Wednesday, November 16, 2011


According to a Daoist legend, the red-faced god, the Big Dipper (běi)(dǒu)(xīng), determines the hour of death of every human being. While the Nandou star (nán)(dòu)(xīng)[1] and the god are playing chess together, both will decide together about the fate of every human being upon earth.

A basic element in the Chinese tradition is that of the reciprocal link between the living and the dead.  The dead influence the quality of life of the living, for good or bad. In traditional China, proper burial, mourning ceremonies, and offerings to the ancestors, were believed to ensure their help, while failing to mourn appropriately was believed to evoke their rage, causing disharmony in families, economic disaster, or disease. As early on as the Shang   (shāng)dynasty (1600-1046 BCE), the Chinese believed that their deceased ancestors had magical powers, which is why they both feared and revered them. Kings were buried with articles of value for use in the afterlife, and with them hundreds of commoners, who may have been slaves, were buried alive. Likewise, offerings were given to keep the deceased kings happy. 

According to Chinese tradition, already established during the Zhou(zhōu) dynasty1046-221)   BCE), every human being has two souls - po () and hun (hún)[2] . Po, the female-natured (yin), is created at the moment of conception, while hun, the male-natured (yang), joins po after birth. Po, which is material in nature, is attached to the body and remains in the tomb for three years, before descending to the yellow springs[3], whereas hun, which is heavenly, ascends to heaven at death.

Mythic stories tell that after death the soul becomes a male floating element, like smoke in the air. At this point, in accordance with its deeds in this world, it reincarnates in the next life as human, male or female, animal, demon or plant. A woman who has done good deeds in this world will become a man in the next life. 

  According to Buddhism and Daoism, the human spirit (sometimes associated with hun), usually leaves the dying body before its operation totally stops, and ascends to heaven. The soul of the dead (sometimes associated with po) remains in the body for a period of two to seven weeks; hence the 49 days of mourning prayers. The number seven has a special meaning in ancestor worship, and the term (zuò)()(literally: doing seven) refers to these 49 days. Each seventh day from death until the 49th day following it, is a day of offerings and ceremonies, sometimes accompanied by monks chanting Buddhist scriptures. In another tradition, the prayer ceremony takes place every ten days, until cremation of the corpse.

The tradition of Mahayana (in Buddhism and practiced by most Chinese Buddhists) has it that between death and rebirth there is an intermediate period that can influence the shape of the reincarnated. Good rebirth is ensured by ceremonies and prayers.

The soul of the dead ascends to Heaven ()(tiān)(dào), or returns to Earth ()()(dào). It can reincarnate as man, or as an animal with the intestines of a dog or pig, or even as a big moth.  Shortly after death the soul visits its family. If it is happy and satisfied in the next world, the visit will take place 12-14 days after death, but if it is unhappy, the visit will only take place 6 -7 weeks after death.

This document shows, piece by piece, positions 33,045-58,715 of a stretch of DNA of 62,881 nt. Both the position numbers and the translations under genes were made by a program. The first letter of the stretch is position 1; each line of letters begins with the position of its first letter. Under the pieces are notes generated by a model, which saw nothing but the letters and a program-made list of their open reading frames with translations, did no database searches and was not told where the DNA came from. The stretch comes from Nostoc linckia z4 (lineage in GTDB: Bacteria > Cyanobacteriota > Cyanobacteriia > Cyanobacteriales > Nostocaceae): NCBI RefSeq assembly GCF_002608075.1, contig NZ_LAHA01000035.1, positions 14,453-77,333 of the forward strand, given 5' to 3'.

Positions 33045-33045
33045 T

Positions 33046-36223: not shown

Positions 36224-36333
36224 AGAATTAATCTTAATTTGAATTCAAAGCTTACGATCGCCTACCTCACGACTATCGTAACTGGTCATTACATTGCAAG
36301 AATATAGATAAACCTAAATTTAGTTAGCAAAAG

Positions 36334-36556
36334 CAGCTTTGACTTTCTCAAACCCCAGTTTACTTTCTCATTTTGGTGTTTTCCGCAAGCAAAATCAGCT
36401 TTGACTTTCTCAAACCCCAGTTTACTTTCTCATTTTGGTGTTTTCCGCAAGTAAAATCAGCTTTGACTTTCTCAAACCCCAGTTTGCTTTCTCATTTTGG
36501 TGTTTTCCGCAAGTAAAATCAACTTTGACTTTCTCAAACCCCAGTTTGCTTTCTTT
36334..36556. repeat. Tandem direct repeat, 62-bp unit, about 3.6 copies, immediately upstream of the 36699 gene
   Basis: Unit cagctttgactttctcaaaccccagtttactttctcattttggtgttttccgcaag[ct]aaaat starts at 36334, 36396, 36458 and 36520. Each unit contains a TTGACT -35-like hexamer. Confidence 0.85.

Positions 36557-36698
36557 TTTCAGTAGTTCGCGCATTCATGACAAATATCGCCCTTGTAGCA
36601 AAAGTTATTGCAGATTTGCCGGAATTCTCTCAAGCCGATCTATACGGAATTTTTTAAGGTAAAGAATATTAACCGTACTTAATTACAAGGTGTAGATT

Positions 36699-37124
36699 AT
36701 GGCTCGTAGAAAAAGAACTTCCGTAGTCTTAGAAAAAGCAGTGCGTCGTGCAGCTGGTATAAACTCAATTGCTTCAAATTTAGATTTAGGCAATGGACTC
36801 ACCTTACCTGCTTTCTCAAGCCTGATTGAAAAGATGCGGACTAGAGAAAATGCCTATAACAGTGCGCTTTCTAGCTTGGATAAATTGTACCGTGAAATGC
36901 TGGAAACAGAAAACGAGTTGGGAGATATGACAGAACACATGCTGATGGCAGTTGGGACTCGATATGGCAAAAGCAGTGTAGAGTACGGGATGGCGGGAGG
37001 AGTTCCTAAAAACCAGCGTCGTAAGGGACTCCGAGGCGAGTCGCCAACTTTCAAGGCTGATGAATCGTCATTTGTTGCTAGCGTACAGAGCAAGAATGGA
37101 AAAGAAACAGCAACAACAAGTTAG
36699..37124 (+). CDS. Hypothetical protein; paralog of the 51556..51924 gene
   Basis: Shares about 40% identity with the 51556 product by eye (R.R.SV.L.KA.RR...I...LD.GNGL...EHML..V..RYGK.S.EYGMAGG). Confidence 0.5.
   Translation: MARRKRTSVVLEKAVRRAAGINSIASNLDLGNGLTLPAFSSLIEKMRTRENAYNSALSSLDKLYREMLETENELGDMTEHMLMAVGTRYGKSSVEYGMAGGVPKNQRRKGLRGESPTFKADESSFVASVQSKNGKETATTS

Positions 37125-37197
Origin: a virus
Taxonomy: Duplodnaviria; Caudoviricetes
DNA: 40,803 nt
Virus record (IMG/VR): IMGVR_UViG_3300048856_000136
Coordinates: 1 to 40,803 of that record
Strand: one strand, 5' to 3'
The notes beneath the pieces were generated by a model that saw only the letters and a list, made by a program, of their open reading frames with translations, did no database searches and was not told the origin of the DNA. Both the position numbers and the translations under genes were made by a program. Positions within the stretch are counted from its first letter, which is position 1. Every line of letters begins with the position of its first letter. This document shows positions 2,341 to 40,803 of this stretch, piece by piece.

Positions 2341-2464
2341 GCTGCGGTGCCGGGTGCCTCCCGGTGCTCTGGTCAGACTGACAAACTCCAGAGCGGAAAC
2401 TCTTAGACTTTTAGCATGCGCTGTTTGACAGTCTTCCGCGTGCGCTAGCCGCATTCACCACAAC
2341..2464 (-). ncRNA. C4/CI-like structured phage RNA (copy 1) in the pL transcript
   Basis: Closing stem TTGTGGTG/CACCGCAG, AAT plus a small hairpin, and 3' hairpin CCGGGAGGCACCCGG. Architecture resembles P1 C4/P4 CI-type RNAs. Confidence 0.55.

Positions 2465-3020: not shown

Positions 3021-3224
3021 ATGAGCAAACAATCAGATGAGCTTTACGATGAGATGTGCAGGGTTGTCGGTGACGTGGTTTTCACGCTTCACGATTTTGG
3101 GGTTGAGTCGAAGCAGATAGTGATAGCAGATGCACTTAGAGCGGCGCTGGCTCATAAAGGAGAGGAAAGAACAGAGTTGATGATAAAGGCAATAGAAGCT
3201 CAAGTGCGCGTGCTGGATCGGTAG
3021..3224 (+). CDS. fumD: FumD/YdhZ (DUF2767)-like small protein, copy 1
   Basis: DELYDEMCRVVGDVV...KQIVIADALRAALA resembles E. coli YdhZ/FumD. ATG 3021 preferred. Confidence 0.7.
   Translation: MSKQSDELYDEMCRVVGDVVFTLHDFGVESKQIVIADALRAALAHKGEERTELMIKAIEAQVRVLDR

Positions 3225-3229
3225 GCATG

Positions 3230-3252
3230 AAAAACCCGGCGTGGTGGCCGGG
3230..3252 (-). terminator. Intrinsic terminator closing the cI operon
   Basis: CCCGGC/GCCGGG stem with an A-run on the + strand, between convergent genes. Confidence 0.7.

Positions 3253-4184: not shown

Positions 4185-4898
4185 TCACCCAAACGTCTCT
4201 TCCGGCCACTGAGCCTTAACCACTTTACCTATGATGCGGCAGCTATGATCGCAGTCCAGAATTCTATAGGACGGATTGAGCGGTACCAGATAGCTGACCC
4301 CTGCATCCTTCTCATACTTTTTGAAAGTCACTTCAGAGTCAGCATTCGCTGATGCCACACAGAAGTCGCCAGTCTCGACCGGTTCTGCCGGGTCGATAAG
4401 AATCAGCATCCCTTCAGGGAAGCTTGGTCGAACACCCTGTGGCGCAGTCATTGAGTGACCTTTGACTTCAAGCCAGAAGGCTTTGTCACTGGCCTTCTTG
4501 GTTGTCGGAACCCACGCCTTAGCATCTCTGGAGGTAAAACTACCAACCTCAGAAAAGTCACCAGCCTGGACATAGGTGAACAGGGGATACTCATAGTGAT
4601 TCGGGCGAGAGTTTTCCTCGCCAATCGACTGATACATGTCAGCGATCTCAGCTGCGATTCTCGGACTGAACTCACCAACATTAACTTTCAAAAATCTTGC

Detailed descriptions of the mourning customs, including the ceremonies, are given in the Book of Rites ()()  from the Warring States period (475-221 BCE). According to this book, after the death of a father or a mother, a man must mourn for three years. This means that if at that time he was a government official, he would have to leave his position for three years, and if he was a scholar, he could not attend the government examinations during this period.

Funeral ceremonies in ancient China were meant to purify the corpse. During these ceremonies, the corpse would be washed and dressed. Lamenting women would beat their chest. The coffin and all that was needed for the ceremony were very costly. These included models of chariots, horses and servants, all burnt (in the ceremony) to accompany the dead into the next world, as well as a consultation with feng shui (fēng)(shuǐ) [4] experts about the best burial location.

The funeral ceremonies were modified in accordance with the financial means of the mourning families. Whereas only the closest relatives were admitted to the funerals of the poor, at the funerals of the rich the participants would be numerous, reaching even hundreds. These ceremonies included bands of musicians, chanting priests and an abundance of flowers, as well as an extravagant display of food. Such impressive funerals were intended to strengthen the position of the family in the community after a great tragedy. Likewise, it was an opportunity for the relatives and friends to support the family spiritually and materially in times of need.

At the moment of death, the deceased was believed to join his ancestors. People who had had confrontations with him during his life, especially his family members, were supposed to turn aside and avoid looking at the closing of the coffin and interment. The prevailing belief was that the soul would remember those of them who looked upon it and subsequently avenge itself, causing disease or some other distress to their families. The main purpose of the mourning ceremonies was to ensure the deceased's rest and his separation from the living, so that his shadow would not remain among them and their safety would be ensured. 

The burial ceremonies included placing a wooden tablet, symbolizing the deceased, in the family shrine. At this point began the daily, annual and collective sacrifices. The daily sacrifice incorporated burning incense and an eternal flame, which was lit in front of the deceased's tablet as a daily reminder of his soul being an integral part of the family structure. Every year, on the anniversary of the death, sacrifices would be offered and a feast would be served, according to the means of the family. The participation of the family in the meal, which represented the abundance achieved through its success, was intended to strengthen the sense of loyalty and sharing in a sacred atmosphere.